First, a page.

Scripture Comes Alive. St. Augustine, no mean speaker himself, tells us that he was in awe of the eloquence of Ambrose’s preaching, which was widely renowned. Ambrose undoubtedly had formal training as a public speaker, but he was quite successful at adapting these skills to the pulpit. We do have edited copies of a number of his sermons, but unfortunately, these plain texts are somewhat ordinary and do not convey the presence and power that so impressed the people who saw and heard Ambrose in person.
His preaching often focused on the Old Testament, for he loved to tell and comment on the great stories of the men and women of the Hebrew Bible. One of his favorite themes concerned the virtues and the ways in which these stories illustrated one virtue or another. He admired the wisdom of Joseph and the courage and justice of Job.
Unlike some other teachers of the early church, and perhaps because of his former life, Ambrose was not inclined to use his preaching for lofty theological speculation. Instead, the figures of the Old Testament became real men and women in his sermons.
Once, for example, he wondered aloud why Eve gave Adam the forbidden fruit. Especially after eating it herself, she must have known that it was sinful to do so, Ambrose said—but surely, she could not have given Adam the fruit to harm him, the man she loved. He speculated that perhaps Eve did it because she realized that she could no longer remain in paradise, but she could not bear to be parted from Adam!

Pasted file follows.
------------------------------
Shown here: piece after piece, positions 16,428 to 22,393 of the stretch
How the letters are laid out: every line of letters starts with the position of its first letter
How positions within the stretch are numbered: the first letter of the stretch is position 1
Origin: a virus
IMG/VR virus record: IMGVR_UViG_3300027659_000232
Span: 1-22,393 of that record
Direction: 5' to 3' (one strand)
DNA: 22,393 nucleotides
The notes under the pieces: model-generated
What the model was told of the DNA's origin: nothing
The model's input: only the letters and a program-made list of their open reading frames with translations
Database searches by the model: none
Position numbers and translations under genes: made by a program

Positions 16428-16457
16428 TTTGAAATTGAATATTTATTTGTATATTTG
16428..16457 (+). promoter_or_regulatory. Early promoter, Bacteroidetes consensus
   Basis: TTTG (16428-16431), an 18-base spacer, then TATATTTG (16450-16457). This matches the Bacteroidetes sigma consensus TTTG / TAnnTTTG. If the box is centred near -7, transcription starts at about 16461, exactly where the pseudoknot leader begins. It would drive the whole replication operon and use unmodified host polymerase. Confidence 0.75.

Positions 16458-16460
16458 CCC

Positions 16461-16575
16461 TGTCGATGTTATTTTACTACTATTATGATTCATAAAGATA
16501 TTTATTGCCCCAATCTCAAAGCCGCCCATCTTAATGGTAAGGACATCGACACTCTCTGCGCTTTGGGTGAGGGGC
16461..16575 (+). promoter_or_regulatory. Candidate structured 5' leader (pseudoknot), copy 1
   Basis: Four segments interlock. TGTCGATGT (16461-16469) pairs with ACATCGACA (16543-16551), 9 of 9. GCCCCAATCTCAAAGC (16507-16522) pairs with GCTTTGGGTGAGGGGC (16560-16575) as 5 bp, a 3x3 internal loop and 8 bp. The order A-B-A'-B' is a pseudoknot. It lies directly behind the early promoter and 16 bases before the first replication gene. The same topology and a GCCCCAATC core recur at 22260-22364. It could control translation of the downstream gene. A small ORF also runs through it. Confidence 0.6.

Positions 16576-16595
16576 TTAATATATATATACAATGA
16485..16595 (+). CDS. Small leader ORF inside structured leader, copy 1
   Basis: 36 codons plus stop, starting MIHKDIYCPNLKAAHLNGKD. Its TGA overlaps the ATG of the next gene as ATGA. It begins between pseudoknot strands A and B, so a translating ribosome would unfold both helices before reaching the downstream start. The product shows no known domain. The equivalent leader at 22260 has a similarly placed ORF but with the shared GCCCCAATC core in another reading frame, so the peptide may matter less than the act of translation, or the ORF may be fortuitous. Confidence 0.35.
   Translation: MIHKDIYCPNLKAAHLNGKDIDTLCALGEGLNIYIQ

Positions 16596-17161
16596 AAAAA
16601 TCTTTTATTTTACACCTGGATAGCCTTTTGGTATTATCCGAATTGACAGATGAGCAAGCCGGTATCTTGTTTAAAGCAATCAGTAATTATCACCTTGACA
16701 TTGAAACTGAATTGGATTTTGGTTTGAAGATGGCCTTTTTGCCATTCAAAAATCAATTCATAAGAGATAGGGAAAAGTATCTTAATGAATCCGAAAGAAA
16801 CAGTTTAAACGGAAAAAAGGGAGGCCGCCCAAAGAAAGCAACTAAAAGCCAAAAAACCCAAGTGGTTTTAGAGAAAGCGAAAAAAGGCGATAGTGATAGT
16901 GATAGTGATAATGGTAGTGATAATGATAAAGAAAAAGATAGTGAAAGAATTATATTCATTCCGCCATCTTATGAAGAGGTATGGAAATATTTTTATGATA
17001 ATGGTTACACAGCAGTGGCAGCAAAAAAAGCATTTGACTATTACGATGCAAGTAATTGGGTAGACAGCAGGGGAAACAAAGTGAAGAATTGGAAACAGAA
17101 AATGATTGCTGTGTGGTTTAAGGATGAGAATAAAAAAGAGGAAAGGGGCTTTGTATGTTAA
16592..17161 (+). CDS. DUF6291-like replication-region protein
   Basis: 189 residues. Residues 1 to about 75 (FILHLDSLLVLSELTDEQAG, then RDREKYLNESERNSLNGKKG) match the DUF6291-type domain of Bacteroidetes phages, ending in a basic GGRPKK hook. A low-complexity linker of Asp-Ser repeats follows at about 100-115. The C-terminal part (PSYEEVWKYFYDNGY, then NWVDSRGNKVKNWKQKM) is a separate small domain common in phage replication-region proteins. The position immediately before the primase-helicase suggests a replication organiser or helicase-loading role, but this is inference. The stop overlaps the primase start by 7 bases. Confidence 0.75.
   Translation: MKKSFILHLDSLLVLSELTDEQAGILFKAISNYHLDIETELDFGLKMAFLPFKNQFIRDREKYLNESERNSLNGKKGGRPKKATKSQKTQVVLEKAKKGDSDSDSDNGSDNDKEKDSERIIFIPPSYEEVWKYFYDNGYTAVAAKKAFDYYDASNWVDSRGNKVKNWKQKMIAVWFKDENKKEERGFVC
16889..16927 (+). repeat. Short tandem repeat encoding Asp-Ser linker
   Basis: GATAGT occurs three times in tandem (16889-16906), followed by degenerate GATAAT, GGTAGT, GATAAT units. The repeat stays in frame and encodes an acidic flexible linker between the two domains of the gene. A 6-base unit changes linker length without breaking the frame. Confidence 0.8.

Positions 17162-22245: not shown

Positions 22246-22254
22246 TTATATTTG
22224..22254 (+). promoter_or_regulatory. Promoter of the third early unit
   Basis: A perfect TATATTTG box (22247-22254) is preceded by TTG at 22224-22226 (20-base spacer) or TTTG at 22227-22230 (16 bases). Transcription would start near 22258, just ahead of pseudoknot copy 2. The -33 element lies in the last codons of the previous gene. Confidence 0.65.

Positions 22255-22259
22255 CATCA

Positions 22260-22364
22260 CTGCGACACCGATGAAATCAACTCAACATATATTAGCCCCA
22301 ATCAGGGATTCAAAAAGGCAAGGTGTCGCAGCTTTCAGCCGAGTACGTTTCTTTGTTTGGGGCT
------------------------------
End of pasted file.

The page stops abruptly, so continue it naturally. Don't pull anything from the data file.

Whether or not this is a compelling interpretation, no other preacher of Ambrose’s time had such sensitivity to human frailty.
Best of Bishops. But there was another side to Ambrose, a much sterner side. He took his responsibilities as bishop very seriously, and some of those responsibilities required him to defend the church and the faith.
After his election, the Christian community in Milan remained in factions. The Arians were strong and had considerable support in the emperor’s household. There was also a powerful party that was opposed to Christianity and favored a return to pagan worship. Ambrose was invariably a leader among the bishops of Italy in defending the church against both of these groups.
These, however, were not the only challenges. In Roman culture, religious practice and worship were elements of civil society. One responsibility of government was to support the temples and ensure that worship was properly conducted for the good of the state. And so, when the emperor Constantine became a Christian early in the fourth century, the natural assumption was that the church would enjoy the protection of the emperor but would also be subordinate to him. By the time Ambrose became a bishop, it was clear that this old pattern could not be continued. In order to be faithful to the gospel, the church had to be independent of imperial control.